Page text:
At the risk of being called a “ Stage door Johnny “ or perhaps in more modern parlance, a “Groupie “, I must admit, together with my wife, to being a staunch supporter of our Swaffham Players,
The Players comprise, as many townspeople know, a group of local thespians who on several occasions through the year produce pieces of entertainment for our “delight and delectation” as Leonard Sachs used to say when introducing acts at the “The Good Old Days” television show from the City of Leeds Variety Theatre.
The latest offering from our Players was a comedy, written by Reggie Oliver and entitled “Imaginary Lines”. This play only has a cast of five and with the play lasting around two-and-a-half hours a big responsibility is put on each member with regards to “lines learnt”, but the ever-reliable John Hooker, as prompter, had a fairly quiet evening.
The play takes a little time to settle down, and particularly with the audience, as dialogue between characters is interspersed with the individual’s thoughts stated aloud, and often very different from the words, eventually, actually “spoken”.
Wanda, played by Nicky Dawkins, and Howard, played by Stuart Travis, kicked off proceedings confidently and the play subsequently jollied along at a fair old pace.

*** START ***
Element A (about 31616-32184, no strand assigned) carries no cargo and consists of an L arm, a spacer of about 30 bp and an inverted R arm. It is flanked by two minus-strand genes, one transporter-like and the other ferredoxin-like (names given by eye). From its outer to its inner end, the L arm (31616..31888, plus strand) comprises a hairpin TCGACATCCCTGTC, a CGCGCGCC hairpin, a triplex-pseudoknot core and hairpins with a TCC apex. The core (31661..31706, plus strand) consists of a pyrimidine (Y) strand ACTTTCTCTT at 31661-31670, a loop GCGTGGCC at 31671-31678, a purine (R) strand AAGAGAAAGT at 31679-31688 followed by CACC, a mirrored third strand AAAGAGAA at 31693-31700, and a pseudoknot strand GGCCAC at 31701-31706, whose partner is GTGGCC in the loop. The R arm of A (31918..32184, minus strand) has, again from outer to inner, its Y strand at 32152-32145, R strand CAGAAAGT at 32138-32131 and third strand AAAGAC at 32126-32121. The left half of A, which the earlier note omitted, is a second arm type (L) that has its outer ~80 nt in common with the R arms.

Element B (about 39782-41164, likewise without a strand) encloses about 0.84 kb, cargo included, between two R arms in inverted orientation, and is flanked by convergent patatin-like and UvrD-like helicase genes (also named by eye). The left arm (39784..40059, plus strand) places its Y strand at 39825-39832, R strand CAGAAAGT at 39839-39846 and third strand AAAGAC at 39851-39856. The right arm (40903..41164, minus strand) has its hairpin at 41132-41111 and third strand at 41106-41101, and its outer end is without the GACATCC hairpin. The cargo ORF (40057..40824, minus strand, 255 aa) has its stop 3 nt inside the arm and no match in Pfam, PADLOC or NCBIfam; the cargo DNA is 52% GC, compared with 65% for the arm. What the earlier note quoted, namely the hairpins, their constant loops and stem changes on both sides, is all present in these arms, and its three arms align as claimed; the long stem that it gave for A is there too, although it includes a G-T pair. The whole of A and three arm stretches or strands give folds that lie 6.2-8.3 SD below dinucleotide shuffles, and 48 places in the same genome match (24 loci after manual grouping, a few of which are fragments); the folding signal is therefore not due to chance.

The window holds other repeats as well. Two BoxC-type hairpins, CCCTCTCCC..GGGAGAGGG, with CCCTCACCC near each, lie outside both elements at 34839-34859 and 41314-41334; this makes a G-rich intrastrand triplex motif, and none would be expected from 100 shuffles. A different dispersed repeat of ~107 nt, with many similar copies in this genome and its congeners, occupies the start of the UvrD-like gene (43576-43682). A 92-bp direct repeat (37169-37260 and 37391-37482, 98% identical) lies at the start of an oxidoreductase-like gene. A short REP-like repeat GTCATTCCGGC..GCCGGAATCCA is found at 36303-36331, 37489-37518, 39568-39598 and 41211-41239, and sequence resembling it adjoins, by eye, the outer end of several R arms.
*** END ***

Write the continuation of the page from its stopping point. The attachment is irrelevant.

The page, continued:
The character of Sir Michael was played, with no little charm, by Victor Tucker. Marcie Loan took on the role of Carol, with plenty of “zing” as usual, as well as acting as the play’s director with John Hooker as her assistant.
Finally Sue Baxter was the splendid Olga Burlap and Sue excelled in the part, with that upper class accent and the endless twitching and posturing which was an absolute hoot.
All in all a lovely evening spent in the totally appropriate Barn Theatre.
If there is a “downside” then it has to be the apparent lack of town support, at least on this one occasion.
One hears enough around our town about there being nothing to leave home for in the evenings. Well, perhaps to the surprise of some, here were three evenings of exceptional entertainment on our doorstep put on by local people.
It is not reasonable to put the lack of audiences down to just lack of sufficient publicity.
Certainly Sue Travis, the player’s publicity officer pulled out all the stops to get this production announced on local radio and there were posters announcing the play posted in prominent locations around town.
This group deserves all the support it can get from townspeople, it has been running for more years than some of us care to remember and certainly it has more talent in its midst than it has had for many years.
Counting up the people listed in the programme for getting this play on stage it totals not many more than twenty, with many members doubling up on duties.
The Dawkins Family, John, Nicky, together with Joshua and Charlotte show real family commitment, and well done to all involved.